Recently—in the rich-yet-raggedy neighborhood of Ruxton, north of Baltimore—there has risen an outcry over a mansion being bought by Sheppard Pratt Health System, a psychiatric in-patient hospital in Towson. The purpose: to create a sort of toney halfway house in an erstwhile residential neighborhood, a house where patients recovering from ailments such as anxiety, eating disorders, or drug addiction (pharmaceutical and otherwise) can purportedly ease back into post-rehab life.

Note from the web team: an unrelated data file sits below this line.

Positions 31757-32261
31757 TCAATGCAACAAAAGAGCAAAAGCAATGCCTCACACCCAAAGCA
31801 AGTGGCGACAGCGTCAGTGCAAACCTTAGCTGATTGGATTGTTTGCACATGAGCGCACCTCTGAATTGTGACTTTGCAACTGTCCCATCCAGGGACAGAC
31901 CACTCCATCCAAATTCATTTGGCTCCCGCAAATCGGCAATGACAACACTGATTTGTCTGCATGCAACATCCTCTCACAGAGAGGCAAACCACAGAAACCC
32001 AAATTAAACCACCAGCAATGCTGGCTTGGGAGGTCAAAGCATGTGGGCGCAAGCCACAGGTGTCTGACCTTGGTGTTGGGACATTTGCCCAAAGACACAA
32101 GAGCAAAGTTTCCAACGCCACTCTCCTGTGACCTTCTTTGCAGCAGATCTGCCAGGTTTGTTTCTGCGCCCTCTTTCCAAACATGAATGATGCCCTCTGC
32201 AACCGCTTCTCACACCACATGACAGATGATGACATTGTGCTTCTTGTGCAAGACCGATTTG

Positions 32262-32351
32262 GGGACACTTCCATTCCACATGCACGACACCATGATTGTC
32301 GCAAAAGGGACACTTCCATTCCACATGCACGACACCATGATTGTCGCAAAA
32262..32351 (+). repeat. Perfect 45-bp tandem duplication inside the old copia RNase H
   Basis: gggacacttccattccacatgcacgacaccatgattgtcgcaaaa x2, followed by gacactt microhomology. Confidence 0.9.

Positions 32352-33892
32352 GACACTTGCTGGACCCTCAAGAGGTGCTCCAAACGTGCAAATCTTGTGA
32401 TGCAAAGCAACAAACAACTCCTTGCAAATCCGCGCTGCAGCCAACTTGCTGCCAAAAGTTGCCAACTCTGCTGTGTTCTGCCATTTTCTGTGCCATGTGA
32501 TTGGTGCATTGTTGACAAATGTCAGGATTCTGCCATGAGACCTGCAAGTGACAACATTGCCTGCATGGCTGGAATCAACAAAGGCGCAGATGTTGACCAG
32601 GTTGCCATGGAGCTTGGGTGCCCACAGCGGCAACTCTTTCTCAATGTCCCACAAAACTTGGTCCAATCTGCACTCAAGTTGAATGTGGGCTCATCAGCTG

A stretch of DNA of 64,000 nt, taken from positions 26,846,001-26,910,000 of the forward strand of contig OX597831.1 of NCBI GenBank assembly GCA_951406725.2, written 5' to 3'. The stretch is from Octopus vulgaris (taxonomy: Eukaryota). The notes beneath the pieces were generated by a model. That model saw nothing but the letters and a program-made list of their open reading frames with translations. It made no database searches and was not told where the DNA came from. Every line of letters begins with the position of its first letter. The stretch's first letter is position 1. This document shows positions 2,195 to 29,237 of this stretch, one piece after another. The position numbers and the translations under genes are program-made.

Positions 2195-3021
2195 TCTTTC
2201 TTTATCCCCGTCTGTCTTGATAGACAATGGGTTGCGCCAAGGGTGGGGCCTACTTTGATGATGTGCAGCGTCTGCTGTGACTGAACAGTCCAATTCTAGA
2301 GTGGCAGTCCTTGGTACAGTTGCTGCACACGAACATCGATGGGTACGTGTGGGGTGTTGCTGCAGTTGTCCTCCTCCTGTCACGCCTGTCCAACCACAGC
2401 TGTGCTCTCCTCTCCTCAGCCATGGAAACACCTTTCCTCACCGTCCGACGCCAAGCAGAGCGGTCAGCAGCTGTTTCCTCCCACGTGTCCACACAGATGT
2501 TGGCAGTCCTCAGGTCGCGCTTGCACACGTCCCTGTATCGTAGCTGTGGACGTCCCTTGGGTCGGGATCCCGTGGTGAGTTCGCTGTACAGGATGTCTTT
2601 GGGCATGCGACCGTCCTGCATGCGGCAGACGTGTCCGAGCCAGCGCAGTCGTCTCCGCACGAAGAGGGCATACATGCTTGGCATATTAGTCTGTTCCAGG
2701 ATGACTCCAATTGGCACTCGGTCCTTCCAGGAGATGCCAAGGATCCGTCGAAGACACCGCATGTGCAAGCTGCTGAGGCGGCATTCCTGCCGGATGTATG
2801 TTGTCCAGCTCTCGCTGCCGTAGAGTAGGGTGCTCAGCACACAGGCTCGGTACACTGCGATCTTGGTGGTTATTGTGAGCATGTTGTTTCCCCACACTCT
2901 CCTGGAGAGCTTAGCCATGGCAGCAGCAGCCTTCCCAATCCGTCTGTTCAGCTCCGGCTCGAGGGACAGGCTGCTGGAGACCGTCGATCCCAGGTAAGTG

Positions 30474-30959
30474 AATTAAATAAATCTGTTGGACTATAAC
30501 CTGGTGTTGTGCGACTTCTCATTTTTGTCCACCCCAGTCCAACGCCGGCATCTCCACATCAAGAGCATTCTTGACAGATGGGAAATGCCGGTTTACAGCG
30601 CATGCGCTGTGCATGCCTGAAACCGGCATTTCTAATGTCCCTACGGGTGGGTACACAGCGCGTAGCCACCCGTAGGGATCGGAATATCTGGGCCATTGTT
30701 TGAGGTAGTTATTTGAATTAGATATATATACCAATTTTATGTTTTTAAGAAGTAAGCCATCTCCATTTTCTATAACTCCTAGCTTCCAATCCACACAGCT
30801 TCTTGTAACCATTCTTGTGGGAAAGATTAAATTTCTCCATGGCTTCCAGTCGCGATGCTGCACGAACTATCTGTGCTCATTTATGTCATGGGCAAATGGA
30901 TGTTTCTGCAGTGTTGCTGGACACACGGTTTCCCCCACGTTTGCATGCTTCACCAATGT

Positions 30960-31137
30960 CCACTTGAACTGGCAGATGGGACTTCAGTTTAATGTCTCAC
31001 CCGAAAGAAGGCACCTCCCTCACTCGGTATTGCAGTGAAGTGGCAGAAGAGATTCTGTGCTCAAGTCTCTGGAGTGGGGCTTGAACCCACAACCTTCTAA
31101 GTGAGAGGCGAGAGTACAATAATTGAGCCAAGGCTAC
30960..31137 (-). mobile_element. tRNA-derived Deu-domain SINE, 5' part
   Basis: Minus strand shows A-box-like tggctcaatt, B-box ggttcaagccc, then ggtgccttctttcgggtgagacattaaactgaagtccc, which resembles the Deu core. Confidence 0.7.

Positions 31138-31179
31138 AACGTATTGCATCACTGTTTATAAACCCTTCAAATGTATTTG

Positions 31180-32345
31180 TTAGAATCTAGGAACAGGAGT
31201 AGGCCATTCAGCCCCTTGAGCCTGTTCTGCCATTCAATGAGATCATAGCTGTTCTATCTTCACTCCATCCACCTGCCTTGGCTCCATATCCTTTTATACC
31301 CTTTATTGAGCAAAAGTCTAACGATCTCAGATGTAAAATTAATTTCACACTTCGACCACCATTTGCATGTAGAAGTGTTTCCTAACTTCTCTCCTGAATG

Irony is: The relatively new mega-home replaced a somewhat quaint bungalow where various local luminaries once gathered for cocktails and such, including (apparently) F. Scott Fitzgerald and even his wife, Zelda, who was treated at Sheppard Pratt after suffering from alcoholism and schizophrenia, according to various reports.
Ruxton neighbors from the 1920s would likely have been more welcoming to such celebrity re-habbers. Then again, perhaps not. F.Scott and Zelda were infamous for their antics, once crashing a Hollywood producer’s home—on all fours and barking like dogs.
Upon getting inside, Zelda went upstairs and took a bath.